This experimental paradigm allowed the researchers to explore how changes in spatial cues shape mammalian brains to elicit adaptive new behaviors.
For more than 70 years, Hebbian theory which is colloquially summarized as, “neurons that fire together, wire together”, singularly dominated the neuroscientists’ view of how synapses become stronger or weaker over time. While this well-studied theory is the basis of several advancements in the field of neuroscience, it has some limitations. In 2017, researchers in the Magee lab discovered a new and powerful type of synaptic plasticity - behavioral timescale synaptic plasticity (BTSP) - which overcomes these limitations and offers a model that best mimics the timescale of how we learn or remember related events in real life.
Using the new experimental paradigm, Dr. Grienberger observed that in the second phase, place cell neurons that were previously silent acquired large place fields abruptly in a single lap after the reward location was fixed. This finding is consistent with a non-Hebbian form of synaptic plasticity and learning. Additional experiments confirmed that the observed adaptive changes in the hippocampal place cells and in the behavior of these mice were indeed due to BTSP.
The entorhinal cortex instructs the hippocampal place cells on how to respond to spatial changes
Based on their previous studies, the Magee team knew BTSP involves an instructive/supervisory signal that does not necessarily lie within or adjacent to the target neurons (in this case, the hippocampal place cells) that are being activated. To identify the origin of this instructive signal, they studied the axonal projections from a nearby brain region called the entorhinal cortex (EC), which innervates the hippocampus and acts as a gateway between the hippocampus and neocortical regions that control higher executive/decision-making processes.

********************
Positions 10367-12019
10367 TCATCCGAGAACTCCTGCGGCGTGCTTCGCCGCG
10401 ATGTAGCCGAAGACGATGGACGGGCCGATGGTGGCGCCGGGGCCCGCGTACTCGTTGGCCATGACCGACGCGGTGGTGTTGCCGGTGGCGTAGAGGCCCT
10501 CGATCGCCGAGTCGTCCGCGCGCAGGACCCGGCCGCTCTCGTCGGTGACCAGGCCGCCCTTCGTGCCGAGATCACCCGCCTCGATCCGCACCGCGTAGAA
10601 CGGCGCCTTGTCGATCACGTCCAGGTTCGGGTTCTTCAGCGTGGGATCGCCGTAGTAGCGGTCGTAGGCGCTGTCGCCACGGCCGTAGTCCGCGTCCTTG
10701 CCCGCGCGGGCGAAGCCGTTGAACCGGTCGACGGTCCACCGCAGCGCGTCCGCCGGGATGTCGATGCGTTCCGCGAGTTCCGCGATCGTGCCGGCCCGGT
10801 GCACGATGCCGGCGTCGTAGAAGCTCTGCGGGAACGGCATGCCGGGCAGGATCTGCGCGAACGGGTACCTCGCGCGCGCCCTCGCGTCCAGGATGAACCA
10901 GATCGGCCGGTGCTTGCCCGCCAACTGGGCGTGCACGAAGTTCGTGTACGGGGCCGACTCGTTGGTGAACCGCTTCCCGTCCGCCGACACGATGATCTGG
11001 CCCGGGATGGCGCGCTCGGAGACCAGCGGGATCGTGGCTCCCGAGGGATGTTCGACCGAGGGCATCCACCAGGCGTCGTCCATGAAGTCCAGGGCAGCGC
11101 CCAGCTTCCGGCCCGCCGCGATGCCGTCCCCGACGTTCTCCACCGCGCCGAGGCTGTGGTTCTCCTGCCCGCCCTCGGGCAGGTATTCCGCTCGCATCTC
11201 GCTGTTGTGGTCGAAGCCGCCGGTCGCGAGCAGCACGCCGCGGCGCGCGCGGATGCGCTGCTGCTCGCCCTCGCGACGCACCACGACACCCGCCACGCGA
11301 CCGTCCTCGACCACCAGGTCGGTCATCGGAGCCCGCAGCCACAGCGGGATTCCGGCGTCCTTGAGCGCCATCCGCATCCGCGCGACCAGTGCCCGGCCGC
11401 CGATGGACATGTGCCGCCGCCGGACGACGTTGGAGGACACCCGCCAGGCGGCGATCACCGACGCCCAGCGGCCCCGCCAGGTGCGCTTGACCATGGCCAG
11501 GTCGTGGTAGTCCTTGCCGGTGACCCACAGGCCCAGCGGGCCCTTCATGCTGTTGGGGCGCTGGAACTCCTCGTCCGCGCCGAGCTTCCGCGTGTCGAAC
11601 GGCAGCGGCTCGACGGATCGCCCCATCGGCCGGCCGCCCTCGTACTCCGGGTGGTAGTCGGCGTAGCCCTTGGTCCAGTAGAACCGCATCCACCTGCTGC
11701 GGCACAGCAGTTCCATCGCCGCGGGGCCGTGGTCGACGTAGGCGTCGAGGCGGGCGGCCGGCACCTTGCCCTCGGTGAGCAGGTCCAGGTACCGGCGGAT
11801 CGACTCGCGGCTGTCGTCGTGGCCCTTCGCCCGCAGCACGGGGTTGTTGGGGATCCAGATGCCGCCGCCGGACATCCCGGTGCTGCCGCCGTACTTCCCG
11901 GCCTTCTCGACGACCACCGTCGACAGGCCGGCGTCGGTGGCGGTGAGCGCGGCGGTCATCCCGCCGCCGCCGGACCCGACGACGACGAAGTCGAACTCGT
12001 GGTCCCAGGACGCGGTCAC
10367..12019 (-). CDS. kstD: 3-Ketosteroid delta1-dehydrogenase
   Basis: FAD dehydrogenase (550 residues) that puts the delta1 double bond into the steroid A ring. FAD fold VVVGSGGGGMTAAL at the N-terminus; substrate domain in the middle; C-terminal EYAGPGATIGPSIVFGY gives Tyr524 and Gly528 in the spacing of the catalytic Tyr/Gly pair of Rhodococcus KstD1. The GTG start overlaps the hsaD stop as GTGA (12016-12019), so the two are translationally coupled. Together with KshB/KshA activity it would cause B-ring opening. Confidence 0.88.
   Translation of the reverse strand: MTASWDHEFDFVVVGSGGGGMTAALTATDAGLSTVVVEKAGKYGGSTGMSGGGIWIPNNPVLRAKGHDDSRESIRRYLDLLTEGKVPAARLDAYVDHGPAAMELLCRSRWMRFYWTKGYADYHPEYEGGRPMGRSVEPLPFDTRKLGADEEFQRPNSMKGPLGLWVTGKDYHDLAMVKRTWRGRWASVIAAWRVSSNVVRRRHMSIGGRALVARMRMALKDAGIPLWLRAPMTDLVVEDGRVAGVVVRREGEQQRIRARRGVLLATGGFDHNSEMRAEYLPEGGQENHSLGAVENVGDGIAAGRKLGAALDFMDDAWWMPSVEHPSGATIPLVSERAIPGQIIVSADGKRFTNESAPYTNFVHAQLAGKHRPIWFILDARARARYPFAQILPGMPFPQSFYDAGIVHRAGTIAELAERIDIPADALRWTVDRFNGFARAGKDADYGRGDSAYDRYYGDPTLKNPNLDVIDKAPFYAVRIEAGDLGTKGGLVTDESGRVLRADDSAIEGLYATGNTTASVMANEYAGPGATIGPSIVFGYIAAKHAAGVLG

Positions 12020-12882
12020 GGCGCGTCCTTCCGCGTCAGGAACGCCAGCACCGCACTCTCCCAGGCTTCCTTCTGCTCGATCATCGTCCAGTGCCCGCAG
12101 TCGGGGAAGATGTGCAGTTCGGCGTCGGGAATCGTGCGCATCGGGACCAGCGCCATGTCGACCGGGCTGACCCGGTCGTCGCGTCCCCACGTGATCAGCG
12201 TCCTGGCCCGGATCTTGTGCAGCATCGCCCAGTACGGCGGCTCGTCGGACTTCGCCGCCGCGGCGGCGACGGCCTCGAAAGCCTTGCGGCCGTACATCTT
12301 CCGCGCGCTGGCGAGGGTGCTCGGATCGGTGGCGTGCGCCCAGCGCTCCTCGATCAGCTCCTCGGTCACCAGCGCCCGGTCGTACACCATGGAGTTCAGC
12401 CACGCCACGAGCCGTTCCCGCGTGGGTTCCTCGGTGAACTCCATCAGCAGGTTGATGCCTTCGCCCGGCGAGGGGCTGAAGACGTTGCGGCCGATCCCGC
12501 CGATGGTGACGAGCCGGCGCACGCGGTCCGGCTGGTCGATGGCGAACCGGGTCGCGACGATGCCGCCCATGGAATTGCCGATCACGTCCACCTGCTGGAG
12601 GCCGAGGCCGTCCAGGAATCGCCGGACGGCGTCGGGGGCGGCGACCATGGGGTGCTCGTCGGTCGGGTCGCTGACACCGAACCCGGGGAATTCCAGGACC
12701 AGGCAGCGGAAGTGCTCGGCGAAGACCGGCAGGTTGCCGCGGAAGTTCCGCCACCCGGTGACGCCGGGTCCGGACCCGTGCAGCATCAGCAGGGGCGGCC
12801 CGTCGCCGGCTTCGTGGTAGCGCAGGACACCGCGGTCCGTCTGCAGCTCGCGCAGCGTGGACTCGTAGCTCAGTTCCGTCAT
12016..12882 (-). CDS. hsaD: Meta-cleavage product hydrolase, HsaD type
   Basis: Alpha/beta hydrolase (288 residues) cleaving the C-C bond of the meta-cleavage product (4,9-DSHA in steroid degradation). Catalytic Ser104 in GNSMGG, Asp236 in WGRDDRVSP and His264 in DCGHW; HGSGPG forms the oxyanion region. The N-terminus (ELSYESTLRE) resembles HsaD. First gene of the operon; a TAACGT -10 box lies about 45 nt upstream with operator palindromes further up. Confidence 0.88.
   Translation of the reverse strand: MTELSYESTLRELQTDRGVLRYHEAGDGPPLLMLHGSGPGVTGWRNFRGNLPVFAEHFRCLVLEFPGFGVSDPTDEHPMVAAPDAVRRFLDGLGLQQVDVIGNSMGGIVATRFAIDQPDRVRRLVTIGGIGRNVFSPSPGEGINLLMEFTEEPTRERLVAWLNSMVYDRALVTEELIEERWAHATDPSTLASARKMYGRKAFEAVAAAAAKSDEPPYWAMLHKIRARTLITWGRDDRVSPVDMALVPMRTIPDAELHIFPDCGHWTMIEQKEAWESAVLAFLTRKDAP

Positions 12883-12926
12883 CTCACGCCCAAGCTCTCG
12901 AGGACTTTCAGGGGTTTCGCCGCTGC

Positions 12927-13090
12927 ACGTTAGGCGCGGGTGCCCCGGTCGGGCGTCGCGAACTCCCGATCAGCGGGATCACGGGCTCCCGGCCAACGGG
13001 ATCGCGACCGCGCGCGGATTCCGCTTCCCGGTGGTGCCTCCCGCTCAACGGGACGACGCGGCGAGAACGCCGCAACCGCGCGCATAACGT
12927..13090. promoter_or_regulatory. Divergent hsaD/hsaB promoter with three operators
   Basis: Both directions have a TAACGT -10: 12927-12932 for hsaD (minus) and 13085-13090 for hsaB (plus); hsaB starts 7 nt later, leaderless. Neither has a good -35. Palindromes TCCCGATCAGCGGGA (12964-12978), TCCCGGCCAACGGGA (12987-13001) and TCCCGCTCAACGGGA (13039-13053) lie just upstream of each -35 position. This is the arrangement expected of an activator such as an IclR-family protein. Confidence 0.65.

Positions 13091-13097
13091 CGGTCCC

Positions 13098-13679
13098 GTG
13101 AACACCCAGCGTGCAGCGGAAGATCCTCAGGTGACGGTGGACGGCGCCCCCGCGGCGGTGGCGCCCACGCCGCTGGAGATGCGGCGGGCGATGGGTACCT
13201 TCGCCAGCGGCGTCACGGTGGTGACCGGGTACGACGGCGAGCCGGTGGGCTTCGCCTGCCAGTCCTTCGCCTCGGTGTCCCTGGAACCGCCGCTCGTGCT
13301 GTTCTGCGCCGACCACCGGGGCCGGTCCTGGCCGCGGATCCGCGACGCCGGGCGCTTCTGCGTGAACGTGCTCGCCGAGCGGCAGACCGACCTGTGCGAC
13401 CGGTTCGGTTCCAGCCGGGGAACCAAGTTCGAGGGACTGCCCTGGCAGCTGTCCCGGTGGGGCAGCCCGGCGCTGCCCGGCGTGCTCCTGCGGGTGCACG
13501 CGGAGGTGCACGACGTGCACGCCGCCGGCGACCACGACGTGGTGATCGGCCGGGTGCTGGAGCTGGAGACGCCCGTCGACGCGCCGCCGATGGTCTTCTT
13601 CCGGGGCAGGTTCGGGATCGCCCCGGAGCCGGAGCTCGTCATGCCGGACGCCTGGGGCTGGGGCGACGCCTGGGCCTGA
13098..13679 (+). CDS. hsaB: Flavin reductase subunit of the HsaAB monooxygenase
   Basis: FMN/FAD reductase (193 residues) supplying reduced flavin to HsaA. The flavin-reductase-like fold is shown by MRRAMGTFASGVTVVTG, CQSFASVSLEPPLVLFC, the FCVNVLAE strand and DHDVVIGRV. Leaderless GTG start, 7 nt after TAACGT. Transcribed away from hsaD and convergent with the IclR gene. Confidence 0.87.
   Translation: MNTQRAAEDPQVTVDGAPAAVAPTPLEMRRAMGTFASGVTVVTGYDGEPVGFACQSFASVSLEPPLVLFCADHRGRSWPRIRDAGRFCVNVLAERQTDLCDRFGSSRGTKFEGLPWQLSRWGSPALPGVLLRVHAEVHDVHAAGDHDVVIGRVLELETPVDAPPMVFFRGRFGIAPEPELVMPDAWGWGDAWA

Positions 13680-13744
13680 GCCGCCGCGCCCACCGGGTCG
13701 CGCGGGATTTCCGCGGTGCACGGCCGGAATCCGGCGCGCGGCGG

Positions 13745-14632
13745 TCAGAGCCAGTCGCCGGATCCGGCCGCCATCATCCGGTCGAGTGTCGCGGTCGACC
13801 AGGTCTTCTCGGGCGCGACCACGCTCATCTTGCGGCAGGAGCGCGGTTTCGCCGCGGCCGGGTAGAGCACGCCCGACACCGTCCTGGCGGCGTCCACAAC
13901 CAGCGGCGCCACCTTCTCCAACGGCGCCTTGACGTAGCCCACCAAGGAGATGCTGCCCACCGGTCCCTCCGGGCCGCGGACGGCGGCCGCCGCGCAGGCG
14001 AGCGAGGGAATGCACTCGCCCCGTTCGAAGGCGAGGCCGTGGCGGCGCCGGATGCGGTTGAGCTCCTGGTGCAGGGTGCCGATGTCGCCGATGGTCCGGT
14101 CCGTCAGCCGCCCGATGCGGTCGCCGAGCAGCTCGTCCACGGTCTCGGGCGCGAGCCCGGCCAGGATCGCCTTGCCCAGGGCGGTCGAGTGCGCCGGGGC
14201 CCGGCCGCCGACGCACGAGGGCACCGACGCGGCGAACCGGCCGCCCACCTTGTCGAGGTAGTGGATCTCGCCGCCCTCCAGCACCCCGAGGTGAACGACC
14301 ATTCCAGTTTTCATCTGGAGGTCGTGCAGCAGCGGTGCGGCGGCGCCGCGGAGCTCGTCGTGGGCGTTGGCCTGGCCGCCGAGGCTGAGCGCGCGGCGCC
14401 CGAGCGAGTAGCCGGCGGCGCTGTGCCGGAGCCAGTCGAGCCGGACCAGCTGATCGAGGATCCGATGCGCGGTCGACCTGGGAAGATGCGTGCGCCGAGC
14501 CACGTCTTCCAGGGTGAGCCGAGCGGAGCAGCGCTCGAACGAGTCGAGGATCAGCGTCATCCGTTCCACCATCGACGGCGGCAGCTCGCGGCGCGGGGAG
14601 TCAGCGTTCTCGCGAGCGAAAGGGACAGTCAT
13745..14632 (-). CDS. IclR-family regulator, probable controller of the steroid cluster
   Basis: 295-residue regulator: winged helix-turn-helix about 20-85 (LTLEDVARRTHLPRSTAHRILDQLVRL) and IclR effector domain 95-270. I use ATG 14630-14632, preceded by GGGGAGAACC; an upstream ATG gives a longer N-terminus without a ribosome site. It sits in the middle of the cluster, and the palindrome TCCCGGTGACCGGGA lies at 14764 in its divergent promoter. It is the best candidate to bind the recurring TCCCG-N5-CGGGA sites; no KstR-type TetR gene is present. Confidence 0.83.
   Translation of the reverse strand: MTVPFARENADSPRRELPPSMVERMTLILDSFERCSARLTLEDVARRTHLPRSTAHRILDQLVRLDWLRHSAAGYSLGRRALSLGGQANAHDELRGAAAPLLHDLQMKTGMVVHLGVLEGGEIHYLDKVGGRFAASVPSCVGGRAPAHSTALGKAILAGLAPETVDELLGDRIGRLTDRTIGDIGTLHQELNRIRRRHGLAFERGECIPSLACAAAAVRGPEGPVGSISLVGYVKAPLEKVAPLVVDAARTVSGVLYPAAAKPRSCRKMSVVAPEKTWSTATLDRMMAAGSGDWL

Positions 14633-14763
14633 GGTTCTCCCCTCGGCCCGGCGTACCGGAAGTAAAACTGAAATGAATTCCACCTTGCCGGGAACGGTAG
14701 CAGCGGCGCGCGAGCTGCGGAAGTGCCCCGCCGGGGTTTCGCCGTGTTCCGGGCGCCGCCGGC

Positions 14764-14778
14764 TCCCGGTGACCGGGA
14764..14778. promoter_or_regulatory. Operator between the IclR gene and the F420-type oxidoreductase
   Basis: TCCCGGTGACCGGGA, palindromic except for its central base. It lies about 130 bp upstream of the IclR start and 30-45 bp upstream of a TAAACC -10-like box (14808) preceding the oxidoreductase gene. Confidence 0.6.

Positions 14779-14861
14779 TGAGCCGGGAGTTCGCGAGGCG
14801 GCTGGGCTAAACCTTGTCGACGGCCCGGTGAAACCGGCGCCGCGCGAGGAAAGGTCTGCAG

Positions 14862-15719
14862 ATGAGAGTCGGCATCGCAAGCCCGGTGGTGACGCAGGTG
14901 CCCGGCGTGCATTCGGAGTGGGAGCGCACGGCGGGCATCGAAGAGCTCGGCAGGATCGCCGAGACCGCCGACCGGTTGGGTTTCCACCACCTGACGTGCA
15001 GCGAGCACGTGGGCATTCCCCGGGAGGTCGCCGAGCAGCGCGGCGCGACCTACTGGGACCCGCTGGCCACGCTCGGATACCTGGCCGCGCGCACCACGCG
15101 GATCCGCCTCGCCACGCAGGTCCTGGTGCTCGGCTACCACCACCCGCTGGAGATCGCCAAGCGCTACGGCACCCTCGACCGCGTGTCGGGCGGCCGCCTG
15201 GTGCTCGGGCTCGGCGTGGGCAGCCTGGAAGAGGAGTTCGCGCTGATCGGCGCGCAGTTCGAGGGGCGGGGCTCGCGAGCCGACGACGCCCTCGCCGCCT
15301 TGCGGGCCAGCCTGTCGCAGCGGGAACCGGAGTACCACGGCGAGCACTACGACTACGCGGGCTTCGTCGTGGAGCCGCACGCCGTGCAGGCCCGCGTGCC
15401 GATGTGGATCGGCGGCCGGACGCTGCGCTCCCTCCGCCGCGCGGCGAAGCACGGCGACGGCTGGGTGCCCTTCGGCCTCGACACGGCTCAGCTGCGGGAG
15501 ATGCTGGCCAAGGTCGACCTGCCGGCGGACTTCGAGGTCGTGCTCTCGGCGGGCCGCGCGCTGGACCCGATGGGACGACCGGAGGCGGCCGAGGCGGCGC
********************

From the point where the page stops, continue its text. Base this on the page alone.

“We found that when we specifically inhibited a subset of EC axons that innervate the CA1 hippocampal neurons we were recording from, it prevented the development of CA1 reward over-representations in the brain,” Dr. Magee said.
Based on several lines of investigations, they concluded that the entorhinal cortex provides a relatively invariant target instructive signal which directs the hippocampus to reorganize the location and activity of place cells which in turn, affects the animal’s behavior.
“The discovery that one part of the brain (entorhinal complex) can direct another brain region (hippocampus) to alter the location and activity of its neurons (place cells) is an extraordinary finding in neuroscience,” Dr. Magee added. “It completely changes our view of how learning-dependent changes in the brain occur and reveals new realms of possibilities that will transform and guide how we approach neurological and neurodegenerative disorders in the future.”
This study was funded by the Howard Hughes Medical Institute, the Cullen Foundation, and the Jan and Dan Duncan Neurological Research Institute at Texas Children’s Hospital.